Saturday, June 30, 2012

The Advantages of Starting Vegetables From Seed After the Summer Solstice

Many of us have been there. We start out with great intentions. We're going to grow our own food. We have plans and tools and seed catalogs. We can almost taste the luscious vegetables we are going to harvest from our gardens.

And then stuff happens. Other things come up that require our attention. The weather is too something - hot, cold, wet, dry - and we don't get the garden planted. Or maybe we do get it planted, but our crops  "bolt," start going to seed too early, resulting in disappointing flavors and textures. So here it is, the end of June, it seems too late to start a garden and we give up on our dream of growing vegetables.

But according to Ryan, the Garden Coach at Botanical Interests (a Seattle Garden Ideas affiliate), many vegetables do better when planted now, after the summer solstice. These include: vegetables in the Brassica family (broccoli, cauliflower, etc.), vegetables that form heads (lettuce, radicchio and others), and vegetables that like cooler conditions (carrots, beets, spinach, etc.)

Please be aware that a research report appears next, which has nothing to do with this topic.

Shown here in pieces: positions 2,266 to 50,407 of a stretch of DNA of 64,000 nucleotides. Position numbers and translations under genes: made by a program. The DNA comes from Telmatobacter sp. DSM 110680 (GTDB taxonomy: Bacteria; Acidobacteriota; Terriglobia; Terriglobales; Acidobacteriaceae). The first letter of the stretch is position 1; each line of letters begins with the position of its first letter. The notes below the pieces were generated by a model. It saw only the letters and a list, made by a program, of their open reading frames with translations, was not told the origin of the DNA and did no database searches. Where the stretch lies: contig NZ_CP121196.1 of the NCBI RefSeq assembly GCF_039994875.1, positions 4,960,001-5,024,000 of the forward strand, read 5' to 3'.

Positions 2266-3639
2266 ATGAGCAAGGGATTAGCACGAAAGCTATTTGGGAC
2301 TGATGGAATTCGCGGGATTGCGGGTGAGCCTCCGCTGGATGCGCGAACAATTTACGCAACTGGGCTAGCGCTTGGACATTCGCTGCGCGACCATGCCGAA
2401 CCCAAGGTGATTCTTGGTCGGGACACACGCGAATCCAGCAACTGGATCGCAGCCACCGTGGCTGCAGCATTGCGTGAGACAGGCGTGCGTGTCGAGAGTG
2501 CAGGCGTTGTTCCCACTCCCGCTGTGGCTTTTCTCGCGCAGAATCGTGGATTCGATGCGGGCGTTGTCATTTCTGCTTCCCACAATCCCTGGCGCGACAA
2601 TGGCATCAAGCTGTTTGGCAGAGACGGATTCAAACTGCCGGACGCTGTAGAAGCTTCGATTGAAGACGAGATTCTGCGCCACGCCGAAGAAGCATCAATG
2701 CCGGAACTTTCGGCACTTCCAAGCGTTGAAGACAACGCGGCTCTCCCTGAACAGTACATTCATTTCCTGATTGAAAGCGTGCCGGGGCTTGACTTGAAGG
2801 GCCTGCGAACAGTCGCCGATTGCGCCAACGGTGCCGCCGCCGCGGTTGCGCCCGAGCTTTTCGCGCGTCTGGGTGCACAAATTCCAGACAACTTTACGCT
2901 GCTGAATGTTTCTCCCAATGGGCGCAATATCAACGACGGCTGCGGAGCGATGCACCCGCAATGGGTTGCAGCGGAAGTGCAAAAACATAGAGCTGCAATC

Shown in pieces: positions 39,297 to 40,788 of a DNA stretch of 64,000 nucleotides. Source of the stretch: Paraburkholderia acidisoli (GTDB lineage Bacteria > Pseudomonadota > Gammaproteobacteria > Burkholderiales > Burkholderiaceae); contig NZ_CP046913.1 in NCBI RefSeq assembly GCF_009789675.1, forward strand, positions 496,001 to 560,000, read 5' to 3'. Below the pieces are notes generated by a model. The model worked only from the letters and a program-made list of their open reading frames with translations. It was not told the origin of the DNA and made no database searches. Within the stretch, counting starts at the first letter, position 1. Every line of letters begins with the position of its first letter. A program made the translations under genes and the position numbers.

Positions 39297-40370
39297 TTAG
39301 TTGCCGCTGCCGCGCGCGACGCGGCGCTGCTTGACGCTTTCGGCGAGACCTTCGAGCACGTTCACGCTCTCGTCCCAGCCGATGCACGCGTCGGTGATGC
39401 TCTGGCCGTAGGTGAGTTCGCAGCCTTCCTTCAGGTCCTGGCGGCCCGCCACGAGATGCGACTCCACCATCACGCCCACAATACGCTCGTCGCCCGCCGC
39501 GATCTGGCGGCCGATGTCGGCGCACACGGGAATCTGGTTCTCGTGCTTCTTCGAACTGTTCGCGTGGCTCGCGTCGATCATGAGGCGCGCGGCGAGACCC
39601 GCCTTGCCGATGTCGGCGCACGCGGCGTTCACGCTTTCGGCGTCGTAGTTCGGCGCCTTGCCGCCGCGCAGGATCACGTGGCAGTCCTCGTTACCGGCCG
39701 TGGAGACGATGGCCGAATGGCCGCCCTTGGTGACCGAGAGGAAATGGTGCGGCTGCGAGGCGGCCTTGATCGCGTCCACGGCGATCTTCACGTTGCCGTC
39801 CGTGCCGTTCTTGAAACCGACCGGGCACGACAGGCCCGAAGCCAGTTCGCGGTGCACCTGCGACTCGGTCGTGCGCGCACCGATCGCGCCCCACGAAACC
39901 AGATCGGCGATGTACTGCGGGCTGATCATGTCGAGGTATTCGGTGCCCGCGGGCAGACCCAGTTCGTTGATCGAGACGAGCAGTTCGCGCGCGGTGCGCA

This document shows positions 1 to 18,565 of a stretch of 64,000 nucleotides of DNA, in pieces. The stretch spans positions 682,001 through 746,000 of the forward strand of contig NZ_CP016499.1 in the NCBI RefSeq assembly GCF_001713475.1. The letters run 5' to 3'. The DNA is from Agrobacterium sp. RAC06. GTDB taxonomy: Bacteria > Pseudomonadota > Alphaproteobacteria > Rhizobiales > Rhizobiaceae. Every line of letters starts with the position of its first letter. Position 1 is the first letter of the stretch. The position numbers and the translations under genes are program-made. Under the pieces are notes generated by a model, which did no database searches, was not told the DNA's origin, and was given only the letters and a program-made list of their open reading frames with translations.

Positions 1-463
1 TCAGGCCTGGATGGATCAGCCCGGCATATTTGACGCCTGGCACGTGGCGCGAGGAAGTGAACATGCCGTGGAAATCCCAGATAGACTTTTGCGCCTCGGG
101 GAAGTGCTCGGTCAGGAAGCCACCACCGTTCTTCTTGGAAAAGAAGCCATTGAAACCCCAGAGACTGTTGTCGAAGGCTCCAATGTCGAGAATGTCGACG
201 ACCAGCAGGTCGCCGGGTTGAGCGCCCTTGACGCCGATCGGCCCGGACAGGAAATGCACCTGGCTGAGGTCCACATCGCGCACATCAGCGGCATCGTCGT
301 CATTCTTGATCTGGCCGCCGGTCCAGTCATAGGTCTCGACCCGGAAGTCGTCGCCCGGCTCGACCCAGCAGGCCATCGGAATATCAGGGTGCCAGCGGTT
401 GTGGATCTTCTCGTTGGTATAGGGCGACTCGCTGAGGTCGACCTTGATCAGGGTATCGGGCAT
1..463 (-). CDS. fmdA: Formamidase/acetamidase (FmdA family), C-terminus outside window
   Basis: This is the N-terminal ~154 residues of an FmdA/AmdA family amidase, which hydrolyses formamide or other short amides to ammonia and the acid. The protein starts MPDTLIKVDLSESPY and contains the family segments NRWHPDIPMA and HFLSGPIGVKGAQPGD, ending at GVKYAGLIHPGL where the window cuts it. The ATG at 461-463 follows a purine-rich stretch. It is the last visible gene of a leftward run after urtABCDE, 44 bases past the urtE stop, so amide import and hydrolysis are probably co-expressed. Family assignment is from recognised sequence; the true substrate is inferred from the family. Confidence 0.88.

Ryan explains why this is a good time to be sowing vegetable seeds in this article, "Second Chances." There are several factors, including day length and soil temperature, that make it likely that planting now will result in a better harvest than was possible earlier in the year. And of  course, if you need seed, Botanical Interests is an excellent source. They carry many organic and heirloom varieties. Absolutely NO GMOs.

Monday, April 30, 2012

A Living Salad Wall

A neighbor of mine is interested in installing a vertical garden, or living wall, to cover a concrete wall in his back yard. As he and I have been doing research and talking about this project, I've become inspired to do a little experimenting of my own.

I bought one of Bright Green's GroVert living wall planters (Amazon affiliate link) to see see how their system works. This 10-cell, polymer panel measures 8" wide, 18" tall and 4" deep. Multiple panels can be linked together to create a solid living wall.
The cells of the planter are set at a 45 degree angle to keep water and soil from falling out once the panel is mounted on the wall. Very clever!